“Who are the best allies in preventing misuse or building statistical literacy outside of stats offices? Are there any surprising allies?”

There are obvious allies for us, like Full Fact and the Royal Statistical Society.

I also like to give a shout out to the work of Sense about Science. Their work highlights that there is a huge amount of interest in evidence, data and statistics – and that a simple model of experts versus “the public” is far too simplistic.

There are a huge range of people who engage with evidence: teachers, community groups, people who represent patients, and a lot of others. These people, who want to find out the best evidence for their community, are fantastic allies.

And I’d also pick out a surprising ally: politicians. In our experience, politicians almost always are motivated to get it right, and not to misuse statistics, and they understand we are making the interventions we are making. So perhaps they are the ally that would most surprise people who look at our work.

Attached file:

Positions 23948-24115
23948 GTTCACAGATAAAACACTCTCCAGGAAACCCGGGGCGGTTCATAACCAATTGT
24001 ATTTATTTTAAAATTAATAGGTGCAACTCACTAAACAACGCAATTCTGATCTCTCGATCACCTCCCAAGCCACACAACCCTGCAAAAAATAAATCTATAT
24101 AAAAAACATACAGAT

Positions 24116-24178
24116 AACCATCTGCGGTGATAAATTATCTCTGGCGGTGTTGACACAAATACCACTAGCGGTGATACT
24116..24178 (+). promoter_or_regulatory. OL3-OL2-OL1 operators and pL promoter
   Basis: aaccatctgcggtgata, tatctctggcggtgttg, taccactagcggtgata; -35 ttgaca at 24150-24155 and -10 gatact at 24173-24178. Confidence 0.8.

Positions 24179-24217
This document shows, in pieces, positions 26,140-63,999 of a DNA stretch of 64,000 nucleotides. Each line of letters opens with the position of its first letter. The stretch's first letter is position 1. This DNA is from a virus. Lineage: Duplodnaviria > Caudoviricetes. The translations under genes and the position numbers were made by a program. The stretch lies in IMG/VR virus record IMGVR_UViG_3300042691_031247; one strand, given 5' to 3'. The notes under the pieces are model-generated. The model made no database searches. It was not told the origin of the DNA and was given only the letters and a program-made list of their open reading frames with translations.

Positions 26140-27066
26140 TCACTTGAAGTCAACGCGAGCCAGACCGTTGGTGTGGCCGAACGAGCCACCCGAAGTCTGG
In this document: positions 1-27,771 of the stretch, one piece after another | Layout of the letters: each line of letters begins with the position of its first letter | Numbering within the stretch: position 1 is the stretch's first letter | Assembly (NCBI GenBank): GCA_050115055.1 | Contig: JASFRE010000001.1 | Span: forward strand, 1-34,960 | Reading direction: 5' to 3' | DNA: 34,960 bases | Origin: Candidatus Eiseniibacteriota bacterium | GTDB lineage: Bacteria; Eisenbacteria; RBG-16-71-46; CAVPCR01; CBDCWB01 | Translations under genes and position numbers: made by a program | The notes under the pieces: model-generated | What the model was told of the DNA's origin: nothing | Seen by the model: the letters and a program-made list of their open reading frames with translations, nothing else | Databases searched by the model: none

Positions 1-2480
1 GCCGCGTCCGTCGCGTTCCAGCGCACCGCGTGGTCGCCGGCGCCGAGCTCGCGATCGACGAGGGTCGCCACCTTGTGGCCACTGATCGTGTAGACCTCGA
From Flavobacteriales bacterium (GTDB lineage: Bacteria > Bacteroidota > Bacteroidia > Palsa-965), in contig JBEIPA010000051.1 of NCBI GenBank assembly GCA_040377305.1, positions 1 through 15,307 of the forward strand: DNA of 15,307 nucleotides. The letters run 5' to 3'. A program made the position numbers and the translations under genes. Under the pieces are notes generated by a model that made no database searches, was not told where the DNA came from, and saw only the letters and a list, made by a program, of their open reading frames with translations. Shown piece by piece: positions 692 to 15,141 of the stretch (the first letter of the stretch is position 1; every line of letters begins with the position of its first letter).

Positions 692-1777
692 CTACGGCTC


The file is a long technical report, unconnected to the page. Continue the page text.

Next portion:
“How important is statistical literacy among the media and general public in helping prevent the misuse of statistics?”

I think that having a sort of critical thinking skill is important. People should feel confident in the statistics that are published, but also feel confident that they know where to find the answers to any questions they have about them.

But equally, we need statistical producers to be better in how they communicate things like uncertainty, in a way that is meaningful for the public.

So rather than putting the responsibility of understanding solely on the user, and just talking about statistical literacy, let’s also talk about producers’ understanding – or literacy if you will – about public communication.

“You have mentioned that sometimes the stats get misinterpreted because of the way they are presented – can you share some examples?”